Selfish siblings are a common theme on this forum.

Welcome to the club!

You are not alone. I know caregiving is truly a lonely feeling place to be, especially when dealing with a parent that has personality disorders, entitlement issues and is just plain rude and critical. I bet some days you want to tell her to stuff it, who is she, in her position to be critical of anyone, she also did not plan for her future. I know that a lot of women in our parents generation did not work out of the home, but sheesh, couldn't they put some money aside. Nope, not my mom either, she acts like money needs to be spent faster than it comes in.

Marina, your sister is not your master, you do not have to do what she tells you too. She has placed you in a terrible position but keep your chin up, you have options. This is for a short while until everything is in place and we can all hang on for a short while longer.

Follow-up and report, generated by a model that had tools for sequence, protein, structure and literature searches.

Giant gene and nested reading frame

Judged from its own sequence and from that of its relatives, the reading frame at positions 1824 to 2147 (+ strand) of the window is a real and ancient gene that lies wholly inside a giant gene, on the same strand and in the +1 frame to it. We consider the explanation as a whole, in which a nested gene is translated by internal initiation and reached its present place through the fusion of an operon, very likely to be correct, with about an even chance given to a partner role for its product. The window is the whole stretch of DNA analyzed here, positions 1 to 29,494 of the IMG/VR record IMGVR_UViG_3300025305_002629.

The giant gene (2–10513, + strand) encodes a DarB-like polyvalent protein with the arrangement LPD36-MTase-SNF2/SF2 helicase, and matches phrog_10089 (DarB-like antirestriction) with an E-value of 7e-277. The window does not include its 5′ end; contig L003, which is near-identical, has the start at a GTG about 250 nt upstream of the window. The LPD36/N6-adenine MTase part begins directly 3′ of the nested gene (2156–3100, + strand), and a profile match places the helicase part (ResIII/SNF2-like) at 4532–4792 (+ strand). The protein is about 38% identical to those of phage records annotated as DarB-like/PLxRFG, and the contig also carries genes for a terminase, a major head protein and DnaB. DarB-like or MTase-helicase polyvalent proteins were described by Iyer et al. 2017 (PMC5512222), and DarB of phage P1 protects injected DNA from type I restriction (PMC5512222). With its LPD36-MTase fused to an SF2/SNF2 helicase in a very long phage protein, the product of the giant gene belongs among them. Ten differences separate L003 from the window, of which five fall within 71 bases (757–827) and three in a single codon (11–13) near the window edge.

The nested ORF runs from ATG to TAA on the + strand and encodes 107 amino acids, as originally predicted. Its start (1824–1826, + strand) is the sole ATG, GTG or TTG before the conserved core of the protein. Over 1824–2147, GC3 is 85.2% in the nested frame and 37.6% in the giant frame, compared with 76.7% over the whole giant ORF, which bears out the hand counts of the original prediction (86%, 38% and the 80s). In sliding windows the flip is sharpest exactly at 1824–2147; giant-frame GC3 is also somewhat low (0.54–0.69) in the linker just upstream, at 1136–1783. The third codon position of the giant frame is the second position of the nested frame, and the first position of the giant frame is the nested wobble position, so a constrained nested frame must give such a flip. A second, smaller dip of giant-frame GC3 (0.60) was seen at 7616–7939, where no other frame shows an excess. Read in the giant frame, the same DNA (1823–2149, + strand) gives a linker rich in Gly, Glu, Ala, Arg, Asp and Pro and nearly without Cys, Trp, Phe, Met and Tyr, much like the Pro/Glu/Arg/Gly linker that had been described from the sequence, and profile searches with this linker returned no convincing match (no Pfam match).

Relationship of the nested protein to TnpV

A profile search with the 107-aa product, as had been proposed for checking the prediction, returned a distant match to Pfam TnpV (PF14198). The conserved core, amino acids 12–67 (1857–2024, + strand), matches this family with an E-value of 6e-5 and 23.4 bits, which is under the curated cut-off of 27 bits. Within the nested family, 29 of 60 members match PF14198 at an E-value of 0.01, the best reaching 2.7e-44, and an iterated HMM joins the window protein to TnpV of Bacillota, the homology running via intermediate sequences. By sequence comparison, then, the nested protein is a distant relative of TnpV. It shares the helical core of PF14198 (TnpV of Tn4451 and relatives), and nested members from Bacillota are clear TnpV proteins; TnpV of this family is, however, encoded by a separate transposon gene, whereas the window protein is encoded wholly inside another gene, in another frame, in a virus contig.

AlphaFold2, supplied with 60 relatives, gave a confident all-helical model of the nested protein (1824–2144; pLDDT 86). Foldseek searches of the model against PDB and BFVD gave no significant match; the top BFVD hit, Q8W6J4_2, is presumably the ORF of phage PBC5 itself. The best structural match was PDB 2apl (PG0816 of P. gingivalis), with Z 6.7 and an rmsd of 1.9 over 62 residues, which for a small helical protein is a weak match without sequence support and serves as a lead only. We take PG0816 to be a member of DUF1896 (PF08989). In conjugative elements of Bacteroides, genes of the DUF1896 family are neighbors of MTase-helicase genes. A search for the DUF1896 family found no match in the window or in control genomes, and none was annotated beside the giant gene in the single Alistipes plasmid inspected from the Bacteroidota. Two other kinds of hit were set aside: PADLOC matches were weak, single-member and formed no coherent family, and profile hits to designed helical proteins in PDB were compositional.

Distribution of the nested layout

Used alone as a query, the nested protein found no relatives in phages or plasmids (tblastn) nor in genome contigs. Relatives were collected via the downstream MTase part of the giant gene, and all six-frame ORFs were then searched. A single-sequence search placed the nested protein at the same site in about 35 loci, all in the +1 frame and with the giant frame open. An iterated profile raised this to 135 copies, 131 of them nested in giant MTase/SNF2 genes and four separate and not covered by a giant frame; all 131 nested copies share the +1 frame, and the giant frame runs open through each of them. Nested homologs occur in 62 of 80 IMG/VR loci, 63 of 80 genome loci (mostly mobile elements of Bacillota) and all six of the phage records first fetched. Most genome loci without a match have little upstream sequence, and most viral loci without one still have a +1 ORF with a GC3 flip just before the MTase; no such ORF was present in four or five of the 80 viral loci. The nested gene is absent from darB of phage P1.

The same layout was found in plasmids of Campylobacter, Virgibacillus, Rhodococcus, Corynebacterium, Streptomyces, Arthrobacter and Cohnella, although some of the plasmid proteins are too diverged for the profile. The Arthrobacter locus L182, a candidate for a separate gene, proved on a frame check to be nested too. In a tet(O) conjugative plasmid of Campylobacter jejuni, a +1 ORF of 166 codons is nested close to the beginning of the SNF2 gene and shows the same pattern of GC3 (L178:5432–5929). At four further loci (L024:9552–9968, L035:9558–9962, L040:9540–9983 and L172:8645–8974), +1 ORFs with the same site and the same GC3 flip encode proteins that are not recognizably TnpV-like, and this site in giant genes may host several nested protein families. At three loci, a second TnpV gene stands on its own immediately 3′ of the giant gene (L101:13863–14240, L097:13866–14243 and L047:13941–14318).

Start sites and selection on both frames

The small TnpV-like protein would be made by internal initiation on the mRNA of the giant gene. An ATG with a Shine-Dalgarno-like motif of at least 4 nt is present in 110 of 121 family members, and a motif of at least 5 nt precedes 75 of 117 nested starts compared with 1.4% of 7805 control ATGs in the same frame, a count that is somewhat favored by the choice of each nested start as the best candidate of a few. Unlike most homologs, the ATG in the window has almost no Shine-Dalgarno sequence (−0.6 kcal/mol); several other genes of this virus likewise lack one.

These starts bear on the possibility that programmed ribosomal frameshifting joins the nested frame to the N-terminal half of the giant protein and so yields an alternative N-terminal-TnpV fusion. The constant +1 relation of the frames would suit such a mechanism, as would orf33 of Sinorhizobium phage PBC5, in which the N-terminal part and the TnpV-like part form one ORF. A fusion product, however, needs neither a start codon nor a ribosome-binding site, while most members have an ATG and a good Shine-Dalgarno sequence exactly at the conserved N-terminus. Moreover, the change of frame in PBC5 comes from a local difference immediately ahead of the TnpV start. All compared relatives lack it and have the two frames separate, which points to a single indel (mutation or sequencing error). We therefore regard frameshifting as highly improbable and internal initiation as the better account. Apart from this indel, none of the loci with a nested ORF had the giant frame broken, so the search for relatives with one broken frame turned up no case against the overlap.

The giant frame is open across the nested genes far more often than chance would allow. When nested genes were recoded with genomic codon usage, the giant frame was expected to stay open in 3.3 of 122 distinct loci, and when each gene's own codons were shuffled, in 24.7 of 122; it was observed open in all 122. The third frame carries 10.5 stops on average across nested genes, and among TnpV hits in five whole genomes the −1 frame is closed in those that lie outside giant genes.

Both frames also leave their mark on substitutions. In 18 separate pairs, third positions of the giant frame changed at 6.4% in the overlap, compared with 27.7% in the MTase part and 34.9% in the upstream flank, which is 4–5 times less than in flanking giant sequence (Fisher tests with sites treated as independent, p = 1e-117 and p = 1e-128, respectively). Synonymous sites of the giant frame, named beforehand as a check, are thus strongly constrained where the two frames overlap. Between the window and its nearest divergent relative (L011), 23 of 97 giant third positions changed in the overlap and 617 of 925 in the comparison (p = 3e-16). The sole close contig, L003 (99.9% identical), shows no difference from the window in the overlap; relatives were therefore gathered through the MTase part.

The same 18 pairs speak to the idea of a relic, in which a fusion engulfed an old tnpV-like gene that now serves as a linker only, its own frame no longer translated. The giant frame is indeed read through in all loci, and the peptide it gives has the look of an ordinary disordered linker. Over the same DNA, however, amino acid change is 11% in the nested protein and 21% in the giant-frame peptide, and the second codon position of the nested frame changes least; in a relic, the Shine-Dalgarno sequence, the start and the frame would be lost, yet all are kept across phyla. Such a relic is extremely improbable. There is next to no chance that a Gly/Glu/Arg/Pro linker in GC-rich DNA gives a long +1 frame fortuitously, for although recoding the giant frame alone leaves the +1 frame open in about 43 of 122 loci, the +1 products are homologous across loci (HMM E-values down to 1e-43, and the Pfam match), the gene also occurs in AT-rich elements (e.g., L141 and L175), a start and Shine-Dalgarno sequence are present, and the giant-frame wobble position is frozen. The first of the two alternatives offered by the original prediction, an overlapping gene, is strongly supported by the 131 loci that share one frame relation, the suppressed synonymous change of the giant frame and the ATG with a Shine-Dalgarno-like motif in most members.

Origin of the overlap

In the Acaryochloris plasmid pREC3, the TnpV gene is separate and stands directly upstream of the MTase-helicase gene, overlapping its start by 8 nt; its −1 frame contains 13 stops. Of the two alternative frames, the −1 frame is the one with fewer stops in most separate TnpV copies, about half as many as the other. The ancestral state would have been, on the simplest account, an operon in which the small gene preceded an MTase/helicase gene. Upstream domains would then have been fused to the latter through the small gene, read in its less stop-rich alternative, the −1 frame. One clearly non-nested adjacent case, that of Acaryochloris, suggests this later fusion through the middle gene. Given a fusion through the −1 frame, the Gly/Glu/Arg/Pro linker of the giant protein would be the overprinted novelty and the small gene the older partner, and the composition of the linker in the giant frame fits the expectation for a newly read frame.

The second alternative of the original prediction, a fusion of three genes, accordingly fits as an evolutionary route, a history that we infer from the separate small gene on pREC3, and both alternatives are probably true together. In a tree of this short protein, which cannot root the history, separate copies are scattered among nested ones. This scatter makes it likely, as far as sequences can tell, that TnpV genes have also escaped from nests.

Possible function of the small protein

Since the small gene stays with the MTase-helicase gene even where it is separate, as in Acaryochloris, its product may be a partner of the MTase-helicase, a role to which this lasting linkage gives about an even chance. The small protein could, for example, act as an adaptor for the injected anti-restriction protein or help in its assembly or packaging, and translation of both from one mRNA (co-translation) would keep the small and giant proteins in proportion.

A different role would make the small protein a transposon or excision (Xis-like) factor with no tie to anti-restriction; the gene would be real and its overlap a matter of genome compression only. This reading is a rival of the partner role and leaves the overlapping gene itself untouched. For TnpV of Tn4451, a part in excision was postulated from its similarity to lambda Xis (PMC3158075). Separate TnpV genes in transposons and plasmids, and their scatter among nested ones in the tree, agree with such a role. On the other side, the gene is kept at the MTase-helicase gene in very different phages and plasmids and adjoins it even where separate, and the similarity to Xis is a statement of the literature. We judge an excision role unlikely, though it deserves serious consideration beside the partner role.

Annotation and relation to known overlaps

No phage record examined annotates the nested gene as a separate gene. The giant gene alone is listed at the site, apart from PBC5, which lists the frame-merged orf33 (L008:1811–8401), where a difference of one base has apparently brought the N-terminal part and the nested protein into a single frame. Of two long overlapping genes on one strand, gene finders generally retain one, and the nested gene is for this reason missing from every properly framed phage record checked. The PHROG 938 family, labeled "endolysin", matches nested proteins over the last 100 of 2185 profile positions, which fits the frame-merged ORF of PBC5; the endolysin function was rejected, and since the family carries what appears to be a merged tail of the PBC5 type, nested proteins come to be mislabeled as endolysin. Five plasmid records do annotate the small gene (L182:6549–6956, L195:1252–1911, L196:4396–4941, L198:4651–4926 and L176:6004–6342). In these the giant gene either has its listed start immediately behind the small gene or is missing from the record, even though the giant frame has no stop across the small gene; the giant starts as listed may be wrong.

Contact social services, probably APS and tell them that your mom is a vulnerable adult with no care. (Do not let them guilt you into being that care, heads up they will stoop very low to make family take the senior in, I told one that if she thought it was such a good idea she could take him home because I wasn't, PERIOD END OF THAT DISCUSSION, you will have to be more hard headed then them. Remember, this is your very survival you are fighting for, your life depends on not caving to a government employee that could care less about you, your mom or your sister. They are paid to do a job and you will need to make sure they do it.)

You can tell your sister or not that is up to you, she made a decision that completely effected you with out consulting with you, so in my opinion she set the ground rules.

Be sure and tell APS that your mom will say she has you as a caregiver and that is not the case, you are not her caregiver.